A Look at Aortic Valve Stenosis
Aortic valve stenosis is a serious heart condition that results from the narrowing of the aortic valve. This in turn slows the flow of the blood between the left ventricles and the arteries, and could ultimately lead to congestive heart failure. If you have been diagnosed with this form of heart disease , here is what you need to know.
What Causes Aortic Valve Stenosis?
A number of different conditions can lead to aortic valve stenosis . In some patients, it is caused by congenital heart disease that leads to progressive wear and tear on the valve. Wear and tear is also possible in elderly patients due to the aging process. People who had rheumatic fever as children are also at risk for aortic valve stenosis in adulthood, though rheumatic fever has become rare in the United States. Most people in the United States who have aortic valve stenosis associated with rheumatic fever emigrated from developing nations.
What Are the Symptoms?
For most patients, chest pain is the first symptom of aortic valve stenosis. The pain is usually experienced below the breast bone and occurs with exertion. It usually improves with rest. Fainting—also called syncope—may also occur during exertion and is brought on by a decrease in blood pressure. Shortness of breath may also happen with aortic valve stenosis. When this symptom occurs, it usually indicates that congestive heart failure has begun.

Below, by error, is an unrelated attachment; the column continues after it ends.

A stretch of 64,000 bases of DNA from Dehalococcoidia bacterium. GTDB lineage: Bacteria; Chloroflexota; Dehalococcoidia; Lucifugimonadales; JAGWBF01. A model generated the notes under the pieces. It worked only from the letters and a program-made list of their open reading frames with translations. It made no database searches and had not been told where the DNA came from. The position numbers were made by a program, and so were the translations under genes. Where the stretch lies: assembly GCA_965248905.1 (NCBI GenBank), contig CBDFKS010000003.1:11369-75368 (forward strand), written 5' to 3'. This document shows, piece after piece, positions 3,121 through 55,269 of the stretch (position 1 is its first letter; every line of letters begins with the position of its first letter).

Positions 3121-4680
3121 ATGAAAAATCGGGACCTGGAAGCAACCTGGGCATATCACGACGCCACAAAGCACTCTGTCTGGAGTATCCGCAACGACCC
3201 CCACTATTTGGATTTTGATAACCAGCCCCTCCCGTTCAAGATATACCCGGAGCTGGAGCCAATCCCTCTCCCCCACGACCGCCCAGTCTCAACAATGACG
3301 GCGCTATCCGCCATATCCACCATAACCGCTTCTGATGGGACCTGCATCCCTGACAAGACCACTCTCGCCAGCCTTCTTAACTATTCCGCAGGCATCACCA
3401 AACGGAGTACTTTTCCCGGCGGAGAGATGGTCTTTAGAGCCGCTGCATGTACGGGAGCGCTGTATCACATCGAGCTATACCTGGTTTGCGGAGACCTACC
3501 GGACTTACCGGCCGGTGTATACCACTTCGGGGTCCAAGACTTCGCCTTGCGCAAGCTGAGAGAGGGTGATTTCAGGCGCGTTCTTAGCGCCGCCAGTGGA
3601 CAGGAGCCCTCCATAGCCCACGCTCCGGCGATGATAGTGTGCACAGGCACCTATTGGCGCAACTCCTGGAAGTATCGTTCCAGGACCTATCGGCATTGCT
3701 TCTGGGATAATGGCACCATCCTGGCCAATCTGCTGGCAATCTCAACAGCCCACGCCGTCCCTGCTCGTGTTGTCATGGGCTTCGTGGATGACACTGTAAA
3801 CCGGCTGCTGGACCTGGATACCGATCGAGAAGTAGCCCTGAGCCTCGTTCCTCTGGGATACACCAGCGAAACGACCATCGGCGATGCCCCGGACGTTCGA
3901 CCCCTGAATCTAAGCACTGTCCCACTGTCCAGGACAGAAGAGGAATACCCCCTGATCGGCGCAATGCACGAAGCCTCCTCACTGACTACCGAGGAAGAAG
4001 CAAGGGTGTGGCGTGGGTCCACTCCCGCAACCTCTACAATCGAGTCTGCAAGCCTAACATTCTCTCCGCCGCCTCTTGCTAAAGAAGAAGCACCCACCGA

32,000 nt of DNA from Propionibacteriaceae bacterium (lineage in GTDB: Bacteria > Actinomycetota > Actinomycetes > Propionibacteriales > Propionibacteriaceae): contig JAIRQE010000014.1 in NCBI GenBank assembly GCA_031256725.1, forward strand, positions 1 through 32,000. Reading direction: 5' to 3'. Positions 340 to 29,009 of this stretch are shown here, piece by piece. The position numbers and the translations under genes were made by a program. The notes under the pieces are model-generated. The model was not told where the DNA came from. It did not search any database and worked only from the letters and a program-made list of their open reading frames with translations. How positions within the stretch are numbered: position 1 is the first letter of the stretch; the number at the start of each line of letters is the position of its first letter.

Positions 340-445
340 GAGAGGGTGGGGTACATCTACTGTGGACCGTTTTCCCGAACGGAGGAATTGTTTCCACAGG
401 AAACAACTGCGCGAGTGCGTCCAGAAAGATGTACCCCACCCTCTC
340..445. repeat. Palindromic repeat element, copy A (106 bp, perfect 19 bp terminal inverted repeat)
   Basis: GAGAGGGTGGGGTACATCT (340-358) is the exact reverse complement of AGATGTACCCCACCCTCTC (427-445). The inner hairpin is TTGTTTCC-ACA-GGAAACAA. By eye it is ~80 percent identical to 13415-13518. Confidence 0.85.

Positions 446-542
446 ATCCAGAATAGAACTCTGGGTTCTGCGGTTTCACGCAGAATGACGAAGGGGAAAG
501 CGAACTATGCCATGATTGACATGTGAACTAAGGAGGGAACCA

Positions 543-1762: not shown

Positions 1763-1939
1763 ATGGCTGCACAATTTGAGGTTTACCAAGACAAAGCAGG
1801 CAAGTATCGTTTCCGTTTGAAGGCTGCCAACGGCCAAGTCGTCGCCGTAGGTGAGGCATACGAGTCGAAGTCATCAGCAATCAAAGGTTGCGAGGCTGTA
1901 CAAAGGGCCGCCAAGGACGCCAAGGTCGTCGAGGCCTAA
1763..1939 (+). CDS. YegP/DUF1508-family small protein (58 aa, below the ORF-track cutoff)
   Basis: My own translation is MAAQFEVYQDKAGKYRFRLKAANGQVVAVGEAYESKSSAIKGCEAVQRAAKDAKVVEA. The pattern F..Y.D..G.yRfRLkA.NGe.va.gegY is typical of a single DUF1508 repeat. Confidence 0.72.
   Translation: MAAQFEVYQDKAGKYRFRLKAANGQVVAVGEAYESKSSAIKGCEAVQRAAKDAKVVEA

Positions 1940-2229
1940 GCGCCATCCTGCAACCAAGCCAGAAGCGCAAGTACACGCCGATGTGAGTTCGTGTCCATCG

What Are the Treatments?
If you experience the symptoms of aortic valve stenosis, it is important to see your heart doctor right away. Without treatment, the condition can be life-threatening. In early stages, your heart doctor may simply monitor the condition and recommend that you restrict your strenuous activities. When the condition progresses, you may need valve replacement surgery.
If you have symptoms of this or any other form of heart disease in Phoenix, make an appointment with a heart doctor at Cardiac Solutions. With advanced diagnostic and treatment capabilities , we can help you regain control of your heart health. Find out more by calling (623) 876-8816.